‘Captain,’ Mr Smith says, with a soothing elderly Texas accent. ‘They are coming for you.’ …
Jay doesn’t speak and walks to the window. He discreetly parts the closed curtain and peeks down to the street. He can’t see the front of the hotel, but across the street a crowd of onlookers grows. They are staring captivated at the entrance of the hotel and also up towards the roof of the hotel. He walks back towards the bag.
‘I know,’ Jay says into the phone, with a cultured English accent. ‘We agreed no calls.’
‘It’s a secure line. Captain, you need to give yourself up.’
Jay picks out a matte black M9 pistol with an extended magazine from the bag. He ejects the magazine to confirm it’s full; it is. He reinserts the magazine, chambers a round, fully cocks the hammer, and engages the safety – all in one smooth sequence. He tucks the gun in his waistband by his right.
‘No, I won’t be doing that,’ he calmly says.
‘You have to. You have no other choice. You killed one of theirs. The wrong one,’ he adds with evident exasperation, which is very unusual as Mr Smith never shows emotion – well, he’s just a voice, so he never voices his emotion. He pauses, as if silently scolding himself for his mistake, and continues. ‘He was an 18-year veteran. The wife also saw your face. Now they’ve sent the cavalry for you. Give yourself up, Captain, and we will take care of you. But attempting to shoot your way out of there will create a sizeable international incident that we cannot … we will not … contain. You know we …’
Jay glances at his slick digital wristwatch, which displays a countdown currently at “02:54:38”.
‘It’s still three hours to extraction. I’ll be there in good time.’
‘No. The extractor is a sitting duck. The city will be crawling with police.’
Jay resets the countdown to fifteen minutes.
‘I’ll be there in thirty minutes.’
He ends the call and switches off the phone. He tosses the phone into the bag and wears it across his body – the bag is left open on his left side. He swiftly advances to the door – like a glide, making no sound – and leans his back against the wall by the doorway. He opens the door.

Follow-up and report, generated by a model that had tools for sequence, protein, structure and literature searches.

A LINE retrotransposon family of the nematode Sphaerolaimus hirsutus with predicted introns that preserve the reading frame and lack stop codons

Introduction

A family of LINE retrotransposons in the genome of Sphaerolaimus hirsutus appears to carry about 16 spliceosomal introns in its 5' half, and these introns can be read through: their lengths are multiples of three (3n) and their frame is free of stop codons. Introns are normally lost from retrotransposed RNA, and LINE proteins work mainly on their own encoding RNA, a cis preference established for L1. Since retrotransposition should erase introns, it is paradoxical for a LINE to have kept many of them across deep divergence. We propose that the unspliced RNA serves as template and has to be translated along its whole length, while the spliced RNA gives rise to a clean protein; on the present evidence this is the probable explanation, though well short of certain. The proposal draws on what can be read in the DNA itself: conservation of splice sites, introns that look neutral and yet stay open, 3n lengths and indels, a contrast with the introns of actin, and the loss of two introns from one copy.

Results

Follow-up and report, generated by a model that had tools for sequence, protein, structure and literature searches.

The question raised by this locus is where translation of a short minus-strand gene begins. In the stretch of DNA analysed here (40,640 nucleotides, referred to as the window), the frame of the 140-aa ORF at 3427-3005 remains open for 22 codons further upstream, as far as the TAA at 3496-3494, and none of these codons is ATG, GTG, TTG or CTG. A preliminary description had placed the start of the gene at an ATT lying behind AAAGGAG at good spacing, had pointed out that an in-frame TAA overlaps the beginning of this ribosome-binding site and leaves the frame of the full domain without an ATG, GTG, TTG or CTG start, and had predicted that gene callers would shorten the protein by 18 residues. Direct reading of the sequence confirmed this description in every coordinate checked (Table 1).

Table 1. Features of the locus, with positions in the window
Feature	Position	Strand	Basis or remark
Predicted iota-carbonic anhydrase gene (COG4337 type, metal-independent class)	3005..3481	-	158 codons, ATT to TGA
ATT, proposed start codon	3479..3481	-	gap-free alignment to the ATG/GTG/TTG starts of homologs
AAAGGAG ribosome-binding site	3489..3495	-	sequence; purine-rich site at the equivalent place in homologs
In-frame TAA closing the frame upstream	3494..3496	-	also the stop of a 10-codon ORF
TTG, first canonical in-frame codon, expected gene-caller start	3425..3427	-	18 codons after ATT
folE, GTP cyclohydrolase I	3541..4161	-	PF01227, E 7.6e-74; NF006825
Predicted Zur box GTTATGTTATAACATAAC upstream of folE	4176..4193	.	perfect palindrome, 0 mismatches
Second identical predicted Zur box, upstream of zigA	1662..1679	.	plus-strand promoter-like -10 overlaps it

An NYPD SWAT team of six officers, who rappelled off a helicopter onto the roof, quietly step through the stairway door – which is across the hall from the elevator – into the tenth floor hallway with their assault rifles raised and tactically advance towards Jay’s room. As they approach the open door, a grenade gently rolls out of the room into the hallway and the door instantly shuts behind it.
‘Grenade!’ two of the SWAT officers simultaneously declare, and they dive away from the grenade.
The grenade detonates, but instead of an explosion a visible electric charge bursts from the grenade both ways across the hallway. The SWAT officers are incapacitated by the charge and instantly collapse, unconscious, as the entire floor loses all electric power.
Jay opens his door and steps out of his room wearing night vision goggles, but as he turns to run towards the large window beside the stairway door he hears one of the officers having an epileptic seizure. Jay feels the ground underneath his feet shake as the large officer’s body shudders violently against the ground. He hesitates, but then he runs back into the bedroom and a moment later runs out with a pillow. He rushes to the convulsing officer, uses his feet to push the officer’s assault rifle away from the officer’s head, and then gently puts the pillow underneath the officer’s head.
Suddenly, he hears one of the two elevators across the hall, which is now powered by an emergency generator, arriving on the tenth floor. He glances across the hall to the window, then towards the elevators, and then down to his watch. It reads “13:22”. He pulls out a sturdy electroshock baton – black and the size of a relay baton with two metal electrodes at its end – from his bag. He runs, incredibly fast, towards the elevator door as it slowly opens.